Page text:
You had this really nasty fight with your significant other and you can’t stop thinking about it. The kind of argument that lasts for hours and you can’t even remember what you are fighting about by the time you are done. You feel emotionally drained and physically exhausted. Yet you keep replaying the argument in your head and wondering where it got off track or what you could have done differently. As a result, you aren’t feeling like making up or being close. Have you ever experienced this?
It’s not only common for couples to have unsolvable conflict, but it’s also common to feel temporarily more distant after intense conflict. And many of these couples also tolerate conflict and differences without the marriage ending in divorce. In fact, marriage researcher Dr. John Gottman has found that “69% of marital conflict is unsolvable, but doesn’t lead to divorce.” How is this possible?
Without thinking about it, people will either gear up for an argument, withdraw or freeze up when they are stressed or upset. With this in mind, having conflict in your relationship isn’t the problem as much as how you deal with your upsetness and differences. And if you have a conflict, how well you repair after the argument can sustain or taint a relationship. Let’s explore how to deal with differences so that your conflict doesn’t leave you feeling full of toxic dread and resentment.
Do a Relationship Conflict Self-Check
If you are struggling with conflict in your relationship and unsure what to work on, first reflect on what it’s like to argue or have a conflict with you. I know it’s easier to see what it’s like to argue with your partner, but it’s just as important to look at how you have an impact on others. Here are some questions to help you with self-reflection:
How often do you lose your cool or how intense does your conflict get?
How often do you shut down or threaten to end the relationship in conflict?
How do you react and respond to each other when you are upset?
How do you repair after a conflict if hurtful things are said or done?
5 Skills to Make Marriage Conflict Less Toxic
After doing the self-check you probably have a few ideas on what you are willing to work on next time there is a conflict. Here are a few more skills to practice in your relationship the next time you are upset or experiencing conflict with your partner:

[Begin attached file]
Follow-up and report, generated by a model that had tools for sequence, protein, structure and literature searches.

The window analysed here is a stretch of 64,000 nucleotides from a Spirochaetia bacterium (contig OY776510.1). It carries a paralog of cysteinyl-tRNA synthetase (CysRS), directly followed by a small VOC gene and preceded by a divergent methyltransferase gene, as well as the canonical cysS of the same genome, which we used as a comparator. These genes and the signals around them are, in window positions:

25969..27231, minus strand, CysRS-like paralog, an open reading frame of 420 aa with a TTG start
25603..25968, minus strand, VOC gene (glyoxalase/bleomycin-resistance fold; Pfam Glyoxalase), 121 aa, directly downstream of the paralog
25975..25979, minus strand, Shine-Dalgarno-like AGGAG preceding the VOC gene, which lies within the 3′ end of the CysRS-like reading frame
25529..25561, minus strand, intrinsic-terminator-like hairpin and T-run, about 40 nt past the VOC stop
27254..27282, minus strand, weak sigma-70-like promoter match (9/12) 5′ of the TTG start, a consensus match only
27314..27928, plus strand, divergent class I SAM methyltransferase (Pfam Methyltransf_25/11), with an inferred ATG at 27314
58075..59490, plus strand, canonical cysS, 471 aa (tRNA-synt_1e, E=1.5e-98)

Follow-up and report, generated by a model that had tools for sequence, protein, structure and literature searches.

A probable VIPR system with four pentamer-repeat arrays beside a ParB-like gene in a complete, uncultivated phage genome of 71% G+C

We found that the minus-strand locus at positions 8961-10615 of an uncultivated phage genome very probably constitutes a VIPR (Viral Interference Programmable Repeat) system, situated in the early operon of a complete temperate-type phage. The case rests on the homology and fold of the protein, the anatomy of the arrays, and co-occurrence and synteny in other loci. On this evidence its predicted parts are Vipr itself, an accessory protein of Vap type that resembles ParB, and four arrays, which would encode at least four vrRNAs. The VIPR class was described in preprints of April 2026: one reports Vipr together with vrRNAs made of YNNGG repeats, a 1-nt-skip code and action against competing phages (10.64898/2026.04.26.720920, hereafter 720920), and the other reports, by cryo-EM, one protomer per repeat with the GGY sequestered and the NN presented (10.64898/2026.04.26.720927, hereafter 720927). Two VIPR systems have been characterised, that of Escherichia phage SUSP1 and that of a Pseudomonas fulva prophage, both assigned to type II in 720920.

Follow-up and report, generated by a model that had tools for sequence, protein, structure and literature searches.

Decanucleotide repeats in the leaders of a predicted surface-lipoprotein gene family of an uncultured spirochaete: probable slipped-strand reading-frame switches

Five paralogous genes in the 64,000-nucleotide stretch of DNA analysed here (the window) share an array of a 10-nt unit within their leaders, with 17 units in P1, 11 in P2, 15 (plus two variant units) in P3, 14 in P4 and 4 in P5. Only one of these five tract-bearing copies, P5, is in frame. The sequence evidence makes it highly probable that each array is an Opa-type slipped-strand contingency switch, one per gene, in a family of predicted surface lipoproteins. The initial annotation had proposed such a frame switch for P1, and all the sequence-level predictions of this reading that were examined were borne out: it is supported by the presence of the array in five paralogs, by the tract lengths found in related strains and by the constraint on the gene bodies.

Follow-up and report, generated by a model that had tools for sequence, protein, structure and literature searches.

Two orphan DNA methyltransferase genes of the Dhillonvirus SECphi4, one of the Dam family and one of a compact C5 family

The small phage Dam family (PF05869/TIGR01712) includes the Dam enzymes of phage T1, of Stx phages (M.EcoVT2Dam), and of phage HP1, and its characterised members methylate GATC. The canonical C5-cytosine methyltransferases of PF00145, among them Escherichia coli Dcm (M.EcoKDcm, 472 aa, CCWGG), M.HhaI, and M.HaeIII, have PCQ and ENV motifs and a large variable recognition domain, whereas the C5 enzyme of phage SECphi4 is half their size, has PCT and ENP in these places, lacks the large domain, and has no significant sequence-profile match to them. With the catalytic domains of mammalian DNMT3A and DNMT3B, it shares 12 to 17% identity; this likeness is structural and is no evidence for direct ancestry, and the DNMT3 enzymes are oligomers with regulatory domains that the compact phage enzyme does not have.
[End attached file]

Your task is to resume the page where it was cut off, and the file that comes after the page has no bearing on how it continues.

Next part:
- Clear Your Head First: If your emotions are high or the conflict is heated up, it may be hard to think clearly. You may need to temporarily step away from the argument to clear your head and calm your emotions. Find an activity that helps you clear your head like going for a walk, writing in a journal, or meditating. Promise to return to the conversation when you’ve calmed down.
- Evaluate Your Intentions: Once calmer, ask yourself if what you are doing or saying will get you closer or father to your goal. Reflect on your delivery and whether you may pressing or criticizing in your message. If you return to the conflict with the intention of trying to get a response out of your spouse, you are probably setting yourself up for more conflict.
- Own Just Your Part: The quickest way to defuse the conflict is to own just your part. You don’t need to take all the blame if that’s not accurate just to get the conflict to stop. But fully taking responsibility for just your part in the problem or conflict moves the conflict to the repair stage.
- Let Go of Need to Be Right: If you keep pushing your point or trying to get your partner to agree with you, you will escalate the stalemate and close off open communication. Instead be curious about your partner’s position and let go of the need to be right or be in agreement.
- Agree to Disagree: Many conflicts are not solvable, but they are repairable. If you truly don’t agree on something, find a way to live with the disagreement. In doing so, the person who wants to do something new or different agrees to take the work and consequences of their choice.
Most of the conflict you encounter with your partner involves different preferences or personal hurts. Working on these conflict management skills can help stop the build-up of toxic resentment. And some differences are deal breakers, and one of you may set a boundary when you can’t live with the difference. But most of the time you can find a new way to deal with the differences or repair after unsolvable conflict.
What works for you in dealing with conflict in your relationship
You don’t have to keep reacting and staying stuck in the same old patterns. You can find new ways to manage hurts and frustrations so you can start connecting again. Marci Payne, MA, LPC offers marriage counseling for one at her practice in Independence MO and online. She helps men and women who are struggling in their relationships find better ways to connect even if there is only one spouse in the therapy room. Schedule your free 15-minute phone consult with Marci to determine if working with a counselor is the next best step to take. (Note: Relationship counseling for one includes those in nearby areas of Blue Springs, Grain Valley, and Lee’s Summit.)